25 OCTOBER 1930, Page 16

Letters to the Editor


[To the Editor of the SeEcraron.] Sin,—As a constant reader of the Spectator for very many years, and as one who greatly values the high standard set by it on religious matters as well as on political, I must venture to enter my very earnest protest against the series of articles attacking the Christian faith, the first one of which appears in to-day's issue, and which, in my opinion, must do an se deal of harm to uninstructed or insufficiently instructed people.

I know that we are promised replies giving the Christian point of view, and from such trusted and competent leaders of religious thought as Dr. N. P. Williams and Father Martin- dale. To these we shall look forward ; but this does by no means remove the objection to the publication of the attack. A great many people, the majority I think, are much more ready to read destructive criticism than matter which is edifying and constructive, and which bears the appearance of being old-fashioned and biassed. In any case, the attack has had the initiative with a week's start, and the poison has had plenty of time to do its mischievous work. We all know how a sentence or even a single word will stick in the mind, causing often great distress to persons who would most gladly shake off the remembrance of it if they could.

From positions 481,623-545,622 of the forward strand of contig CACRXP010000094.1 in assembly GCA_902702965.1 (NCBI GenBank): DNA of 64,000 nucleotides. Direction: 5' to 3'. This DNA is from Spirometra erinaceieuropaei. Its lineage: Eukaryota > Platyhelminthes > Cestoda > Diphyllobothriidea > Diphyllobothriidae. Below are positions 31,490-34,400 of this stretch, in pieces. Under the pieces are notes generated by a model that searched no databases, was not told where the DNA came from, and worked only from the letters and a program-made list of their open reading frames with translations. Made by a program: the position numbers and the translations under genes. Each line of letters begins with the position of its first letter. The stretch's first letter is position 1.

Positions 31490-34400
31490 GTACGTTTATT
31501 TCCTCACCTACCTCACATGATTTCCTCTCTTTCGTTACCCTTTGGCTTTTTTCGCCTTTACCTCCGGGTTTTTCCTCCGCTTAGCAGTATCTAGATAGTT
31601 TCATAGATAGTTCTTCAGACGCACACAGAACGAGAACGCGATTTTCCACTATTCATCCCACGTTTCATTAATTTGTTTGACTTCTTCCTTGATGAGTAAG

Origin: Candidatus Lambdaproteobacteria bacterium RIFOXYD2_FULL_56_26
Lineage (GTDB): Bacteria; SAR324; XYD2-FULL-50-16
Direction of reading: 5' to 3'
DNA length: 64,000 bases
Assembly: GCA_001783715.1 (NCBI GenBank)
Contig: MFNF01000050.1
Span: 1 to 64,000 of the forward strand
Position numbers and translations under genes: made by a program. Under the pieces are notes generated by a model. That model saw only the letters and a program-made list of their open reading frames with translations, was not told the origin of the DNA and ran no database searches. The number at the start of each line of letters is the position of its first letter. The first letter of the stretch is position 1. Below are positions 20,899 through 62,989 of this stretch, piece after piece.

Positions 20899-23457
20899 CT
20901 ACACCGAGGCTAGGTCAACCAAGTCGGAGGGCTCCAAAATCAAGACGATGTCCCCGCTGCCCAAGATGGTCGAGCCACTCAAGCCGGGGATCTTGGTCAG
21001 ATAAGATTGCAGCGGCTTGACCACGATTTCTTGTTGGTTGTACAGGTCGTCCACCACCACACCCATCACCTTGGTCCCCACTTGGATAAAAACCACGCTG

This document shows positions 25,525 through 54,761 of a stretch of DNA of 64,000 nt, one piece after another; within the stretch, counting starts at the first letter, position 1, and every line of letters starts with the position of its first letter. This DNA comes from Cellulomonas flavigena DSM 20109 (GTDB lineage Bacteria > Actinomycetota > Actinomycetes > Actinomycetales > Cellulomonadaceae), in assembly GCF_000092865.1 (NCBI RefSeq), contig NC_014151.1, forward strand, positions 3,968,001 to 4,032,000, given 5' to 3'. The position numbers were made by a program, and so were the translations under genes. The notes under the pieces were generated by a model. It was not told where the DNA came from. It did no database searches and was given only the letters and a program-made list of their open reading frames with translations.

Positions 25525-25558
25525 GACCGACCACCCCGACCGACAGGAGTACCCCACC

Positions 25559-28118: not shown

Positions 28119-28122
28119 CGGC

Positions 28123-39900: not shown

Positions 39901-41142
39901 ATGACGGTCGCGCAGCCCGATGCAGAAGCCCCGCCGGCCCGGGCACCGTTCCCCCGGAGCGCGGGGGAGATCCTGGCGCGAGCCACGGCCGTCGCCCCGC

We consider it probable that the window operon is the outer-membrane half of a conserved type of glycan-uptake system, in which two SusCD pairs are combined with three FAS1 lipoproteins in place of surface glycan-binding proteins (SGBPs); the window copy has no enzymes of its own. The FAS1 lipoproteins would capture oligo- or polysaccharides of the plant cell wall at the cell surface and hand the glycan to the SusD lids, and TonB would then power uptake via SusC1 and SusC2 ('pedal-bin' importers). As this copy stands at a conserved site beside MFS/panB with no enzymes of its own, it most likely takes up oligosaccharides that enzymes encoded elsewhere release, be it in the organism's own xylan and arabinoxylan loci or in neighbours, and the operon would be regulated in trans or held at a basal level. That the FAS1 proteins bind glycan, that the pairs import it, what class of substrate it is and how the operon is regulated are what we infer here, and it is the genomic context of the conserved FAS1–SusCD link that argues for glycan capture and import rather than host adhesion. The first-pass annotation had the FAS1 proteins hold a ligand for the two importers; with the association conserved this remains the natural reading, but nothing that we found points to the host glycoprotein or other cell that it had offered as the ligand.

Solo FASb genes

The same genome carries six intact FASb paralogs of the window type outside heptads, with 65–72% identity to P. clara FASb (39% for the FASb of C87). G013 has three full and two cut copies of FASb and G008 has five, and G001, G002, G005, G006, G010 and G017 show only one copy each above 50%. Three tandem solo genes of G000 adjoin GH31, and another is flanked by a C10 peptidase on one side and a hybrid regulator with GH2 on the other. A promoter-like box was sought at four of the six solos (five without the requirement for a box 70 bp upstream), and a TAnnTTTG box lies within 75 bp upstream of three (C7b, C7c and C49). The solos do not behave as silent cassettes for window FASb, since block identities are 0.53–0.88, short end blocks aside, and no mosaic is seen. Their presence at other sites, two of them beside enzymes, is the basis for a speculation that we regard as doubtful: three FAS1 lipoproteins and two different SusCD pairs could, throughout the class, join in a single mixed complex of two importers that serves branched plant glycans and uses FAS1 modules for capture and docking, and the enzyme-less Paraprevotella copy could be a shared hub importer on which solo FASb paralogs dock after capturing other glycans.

I feel this so strongly that, in passing on the Spectator this week according to my usual custom, I have felt obliged to cut out what are to me the objectionable pages, lest I should be a party to the diabolical work of unsettling the faith of others.—I am, Sir, &e.,

(REV.) BERNARD MOULTRIE (Catholic Priest).

[We are sorry that Father Moultrie disapproves of our series of articles on The Challenge to Religious Orthodoxy. We fear, however, that we must differ from him on this occasion, but we would ask him to believe that we did not enter upon this series lightheartedly. After much deliberation and consultation with leaders of religious thought we decided that we could render no greater service to the cause of Faith than by opening the colunms of the Spectator to a frank discussion of the causes responsible for the present-day hostility to traditional Christianity, especially among the young.

If the Christian Church is to fulfil her mission in the modern world she must do as the Fathers of the third and fourth centuries did, who met the cultivated pagan on his own ground. —En. Spectator.]